Dodgy Train was a pilot video made through Barefoot Workshops, where I attended as an Artist in residence in 2007 in Clarksdale, Mississippi. This is the birthplace of the Blues, the crossroads where Robert Johnson allegedly sold his soul to the devil to be able to play the way he did.
This video includes two songs of mine that have not been recorded on an album, “Silver Dollars” and “Been Told by the Messenger.”
Dodgy Train to Clarksdale, video by Treyton Williams and Susana Travieso:
Table Hill Road
This is a live version of “Table Hill rd” captured as the sun was setting in Chattanooga, Tennessee. I love this simple form of recording, where the videographer's eye is as integral to the performance as the Musician’s playing, and where it is totally acoustic.
This video, made by Lawrence Balmer, documents the Songwriters' Residential Weekend held at Tasma House in August, 2010. It was a co-hosted event between the Australian Songwriters Association and Tasma House, with presenters and participants immersing themselves in their passion, sharing time, experience, music and food, together for three days. The Songwriters' Residential Weekend is scheduled again for August 19-21st, 2011.
The next video is of "Shotgun Shack" playing at the Palais in Hepburn Springs. The song is called “Two Minds, One Track, and is off my 4th album “Blue Simmer.” The Palais was host to many international acts over the years, but has recently closed its doors, whilst many new local venues have sprung up as opportunities to play for local Musicians.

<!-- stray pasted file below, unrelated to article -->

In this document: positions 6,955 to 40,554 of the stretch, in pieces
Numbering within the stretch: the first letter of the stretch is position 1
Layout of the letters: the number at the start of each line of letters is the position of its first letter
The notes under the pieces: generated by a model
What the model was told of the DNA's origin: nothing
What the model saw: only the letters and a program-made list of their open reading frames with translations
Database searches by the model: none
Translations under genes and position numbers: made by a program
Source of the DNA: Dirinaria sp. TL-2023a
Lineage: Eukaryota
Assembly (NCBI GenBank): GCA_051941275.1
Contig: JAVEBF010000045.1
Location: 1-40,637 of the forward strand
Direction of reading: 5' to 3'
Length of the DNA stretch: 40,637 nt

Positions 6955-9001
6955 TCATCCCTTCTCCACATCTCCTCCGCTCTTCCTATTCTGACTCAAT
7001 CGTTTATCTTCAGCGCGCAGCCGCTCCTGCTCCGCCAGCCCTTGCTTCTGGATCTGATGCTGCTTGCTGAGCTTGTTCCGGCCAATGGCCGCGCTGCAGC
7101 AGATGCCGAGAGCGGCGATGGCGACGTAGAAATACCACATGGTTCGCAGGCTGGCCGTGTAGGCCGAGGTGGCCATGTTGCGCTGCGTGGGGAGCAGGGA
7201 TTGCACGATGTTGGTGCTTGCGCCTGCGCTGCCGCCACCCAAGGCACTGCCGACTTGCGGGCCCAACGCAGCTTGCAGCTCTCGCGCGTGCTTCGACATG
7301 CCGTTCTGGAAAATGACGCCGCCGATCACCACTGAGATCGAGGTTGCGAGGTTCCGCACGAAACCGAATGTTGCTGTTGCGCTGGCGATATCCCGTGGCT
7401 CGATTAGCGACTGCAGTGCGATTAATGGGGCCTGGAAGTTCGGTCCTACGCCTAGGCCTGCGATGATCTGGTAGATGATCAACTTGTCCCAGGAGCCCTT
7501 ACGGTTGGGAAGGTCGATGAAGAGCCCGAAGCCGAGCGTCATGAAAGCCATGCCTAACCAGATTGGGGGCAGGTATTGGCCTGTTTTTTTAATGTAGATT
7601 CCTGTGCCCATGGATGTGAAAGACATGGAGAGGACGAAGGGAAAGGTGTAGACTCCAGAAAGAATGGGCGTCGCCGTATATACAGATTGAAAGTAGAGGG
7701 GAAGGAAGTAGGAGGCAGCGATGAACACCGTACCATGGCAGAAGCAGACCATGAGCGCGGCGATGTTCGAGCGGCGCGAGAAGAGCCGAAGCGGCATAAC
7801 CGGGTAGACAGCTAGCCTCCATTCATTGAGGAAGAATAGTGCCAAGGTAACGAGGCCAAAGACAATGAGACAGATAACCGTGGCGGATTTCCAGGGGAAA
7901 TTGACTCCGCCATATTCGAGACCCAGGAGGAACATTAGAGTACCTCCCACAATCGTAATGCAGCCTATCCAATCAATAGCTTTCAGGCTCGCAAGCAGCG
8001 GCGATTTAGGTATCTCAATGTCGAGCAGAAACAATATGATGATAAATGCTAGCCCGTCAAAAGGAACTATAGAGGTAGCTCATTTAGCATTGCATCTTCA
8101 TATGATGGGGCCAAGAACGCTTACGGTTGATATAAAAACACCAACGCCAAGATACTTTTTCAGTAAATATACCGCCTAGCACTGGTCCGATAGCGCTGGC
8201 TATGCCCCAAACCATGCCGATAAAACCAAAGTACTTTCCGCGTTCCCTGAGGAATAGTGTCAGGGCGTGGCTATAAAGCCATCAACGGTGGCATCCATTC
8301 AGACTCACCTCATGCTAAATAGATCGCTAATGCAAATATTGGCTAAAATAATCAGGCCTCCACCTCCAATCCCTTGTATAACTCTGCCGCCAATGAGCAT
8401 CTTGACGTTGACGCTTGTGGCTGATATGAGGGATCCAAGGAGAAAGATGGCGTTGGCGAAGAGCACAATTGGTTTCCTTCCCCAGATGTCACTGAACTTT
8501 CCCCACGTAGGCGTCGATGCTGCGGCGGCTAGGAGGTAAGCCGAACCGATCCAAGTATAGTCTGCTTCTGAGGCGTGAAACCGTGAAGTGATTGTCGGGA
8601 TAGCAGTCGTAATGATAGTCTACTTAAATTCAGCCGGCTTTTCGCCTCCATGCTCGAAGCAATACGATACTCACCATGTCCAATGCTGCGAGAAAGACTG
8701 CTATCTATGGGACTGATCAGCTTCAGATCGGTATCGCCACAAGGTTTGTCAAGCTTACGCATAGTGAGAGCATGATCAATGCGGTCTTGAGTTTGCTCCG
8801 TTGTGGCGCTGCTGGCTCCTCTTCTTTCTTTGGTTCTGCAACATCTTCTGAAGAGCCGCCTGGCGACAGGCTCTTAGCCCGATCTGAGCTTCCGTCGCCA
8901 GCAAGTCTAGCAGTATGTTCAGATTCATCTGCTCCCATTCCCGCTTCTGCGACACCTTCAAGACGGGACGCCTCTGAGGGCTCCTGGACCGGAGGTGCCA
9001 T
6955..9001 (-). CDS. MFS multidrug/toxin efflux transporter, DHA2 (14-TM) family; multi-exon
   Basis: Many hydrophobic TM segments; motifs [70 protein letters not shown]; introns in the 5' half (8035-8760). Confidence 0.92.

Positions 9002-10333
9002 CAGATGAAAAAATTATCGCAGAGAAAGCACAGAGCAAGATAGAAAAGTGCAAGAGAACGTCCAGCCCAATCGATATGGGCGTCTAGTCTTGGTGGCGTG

Sometimes my busking and band mate, Phil Mac, and I play under the name, "The Silly Sausages," where I am Lunch Box Kransky, legend in my own lunch box, and Phil is, "Cab Saveloy," who happens to come from a long line of sausages.
In this Video, we are performing one of Phil’s great original pieces, called the “Shoe Shine Club”
Lately, when drummer Al Stanley can’t fit into our playing schedule, Phil and I perform under the name, “Popgun Shack.”
Other People's Blues
This song was recorded on Easter Sunday 2011. The night before, an Australian bluesman, Dutch Tilders, died. I learned of his passing on facebook, and it seemed a bit surreal. The next day, I realized that he had influenced my own music journey in his gruff way many times, which is how this music is passed on. So I went to the local pub and played this song, which I wrote years ago, but somehow reminds me of him.
He never taught me directly, except once when I asked him would he teach me to play. I was in my first year at a college, and he was doing a paid lunchtime gig. He told me to "go away and play for 20 years," a cheap yet valuable life lesson that I learned over the next 20 years. RIP Dutch.........